We proceed next to examine the various alleged errors presented by defendant. In so doing a brief statement of the undisputed facts of the case is advisable. On April 1st, 1930, Library Court Apartment Company, a corporation, hereinafter called the company, as seller, and plaintiffs, as buyers, entered into an agreement for the purchase and sale of lots 7, 8, 9 and 10 in block 24, Neahr's addition to the city of Phoenix. The consideration agreed to be paid was $45,000, $5,000 being represented by a certain piece of real estate deeded by the plaintiffs to the company and mutually estimated by the parties as worth that sum, $15,000 being represented by a certain piece then on the premises, and the balance in certain monthly and quarterly payments. To insure the payment of the first $10,000 of the purchase price not covered by the transfer of the real estate or the assumption of the mortgage, plaintiffs executed in favor of the company a mortgage on their equity in certain property in the North Kenilworth addition to Phoenix. The agreement is very full in detail, but the dispute arises only over the meaning of certain portions thereof which we quote as follows:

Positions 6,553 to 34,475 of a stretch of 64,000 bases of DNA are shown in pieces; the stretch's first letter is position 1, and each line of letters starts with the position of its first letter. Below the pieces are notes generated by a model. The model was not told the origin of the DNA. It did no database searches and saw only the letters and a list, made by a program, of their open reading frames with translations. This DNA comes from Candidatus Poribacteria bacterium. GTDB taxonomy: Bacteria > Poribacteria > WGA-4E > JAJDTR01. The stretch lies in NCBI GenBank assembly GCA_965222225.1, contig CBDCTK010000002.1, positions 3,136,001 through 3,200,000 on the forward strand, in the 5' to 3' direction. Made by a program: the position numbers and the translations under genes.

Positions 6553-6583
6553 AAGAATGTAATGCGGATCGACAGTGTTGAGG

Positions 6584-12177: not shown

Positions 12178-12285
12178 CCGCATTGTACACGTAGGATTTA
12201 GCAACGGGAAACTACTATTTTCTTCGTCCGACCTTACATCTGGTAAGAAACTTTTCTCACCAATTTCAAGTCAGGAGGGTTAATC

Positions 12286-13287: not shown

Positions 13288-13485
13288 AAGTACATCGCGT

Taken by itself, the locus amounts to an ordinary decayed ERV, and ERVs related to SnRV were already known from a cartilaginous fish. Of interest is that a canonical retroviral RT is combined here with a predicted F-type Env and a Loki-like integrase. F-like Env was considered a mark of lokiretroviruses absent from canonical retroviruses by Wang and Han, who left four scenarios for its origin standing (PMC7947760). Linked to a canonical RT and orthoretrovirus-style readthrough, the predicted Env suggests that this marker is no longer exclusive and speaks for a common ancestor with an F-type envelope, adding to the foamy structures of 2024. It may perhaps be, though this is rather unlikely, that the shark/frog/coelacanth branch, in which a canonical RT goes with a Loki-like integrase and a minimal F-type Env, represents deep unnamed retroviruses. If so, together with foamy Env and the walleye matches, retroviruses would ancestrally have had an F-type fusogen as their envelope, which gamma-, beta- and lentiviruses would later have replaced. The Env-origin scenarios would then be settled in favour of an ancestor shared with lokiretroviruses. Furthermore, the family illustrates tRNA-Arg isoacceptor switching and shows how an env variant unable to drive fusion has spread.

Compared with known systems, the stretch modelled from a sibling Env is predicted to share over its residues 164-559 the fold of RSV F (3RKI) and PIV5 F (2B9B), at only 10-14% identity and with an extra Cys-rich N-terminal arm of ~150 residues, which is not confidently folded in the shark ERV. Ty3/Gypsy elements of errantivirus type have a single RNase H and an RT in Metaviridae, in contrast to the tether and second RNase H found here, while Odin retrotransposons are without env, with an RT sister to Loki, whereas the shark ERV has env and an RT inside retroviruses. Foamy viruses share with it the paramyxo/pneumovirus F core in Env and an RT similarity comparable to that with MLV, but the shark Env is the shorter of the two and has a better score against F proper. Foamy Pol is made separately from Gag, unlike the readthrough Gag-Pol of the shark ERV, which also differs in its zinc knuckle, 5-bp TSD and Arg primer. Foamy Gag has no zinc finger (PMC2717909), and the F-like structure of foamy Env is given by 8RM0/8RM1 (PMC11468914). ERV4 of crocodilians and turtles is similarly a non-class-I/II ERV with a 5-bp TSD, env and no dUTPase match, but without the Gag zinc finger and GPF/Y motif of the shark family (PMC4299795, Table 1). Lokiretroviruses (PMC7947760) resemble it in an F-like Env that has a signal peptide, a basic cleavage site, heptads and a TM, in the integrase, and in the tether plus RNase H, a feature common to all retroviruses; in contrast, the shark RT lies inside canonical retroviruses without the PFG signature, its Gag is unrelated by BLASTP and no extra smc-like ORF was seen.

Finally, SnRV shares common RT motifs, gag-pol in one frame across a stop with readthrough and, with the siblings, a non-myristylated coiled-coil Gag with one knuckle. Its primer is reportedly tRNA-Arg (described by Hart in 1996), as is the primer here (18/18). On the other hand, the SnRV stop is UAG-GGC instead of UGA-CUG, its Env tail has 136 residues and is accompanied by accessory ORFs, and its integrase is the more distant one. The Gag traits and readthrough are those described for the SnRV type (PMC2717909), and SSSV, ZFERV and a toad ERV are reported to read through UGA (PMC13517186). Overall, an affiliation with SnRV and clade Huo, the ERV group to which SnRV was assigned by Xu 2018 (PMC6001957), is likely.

"It is further agreed that time is the essence of this agreement and in the event of default in making any of the payments herein provided to be made when same become due and payable, or in the event of failure of the Buyer to comply with any of the terms hereof, then the Seller may thereupon, at the option of the Seller, enforce the rights of the Seller hereunder, either by the forfeiture of all the rights of the Buyer under this agreement, and all the interest of the Buyer in the lands described herein, and the appurtenances, subject to the provisions hereinafter contained, or by any action in equity or at law for specific performance with damages, or for the recovery of the purchase price with interest. . . .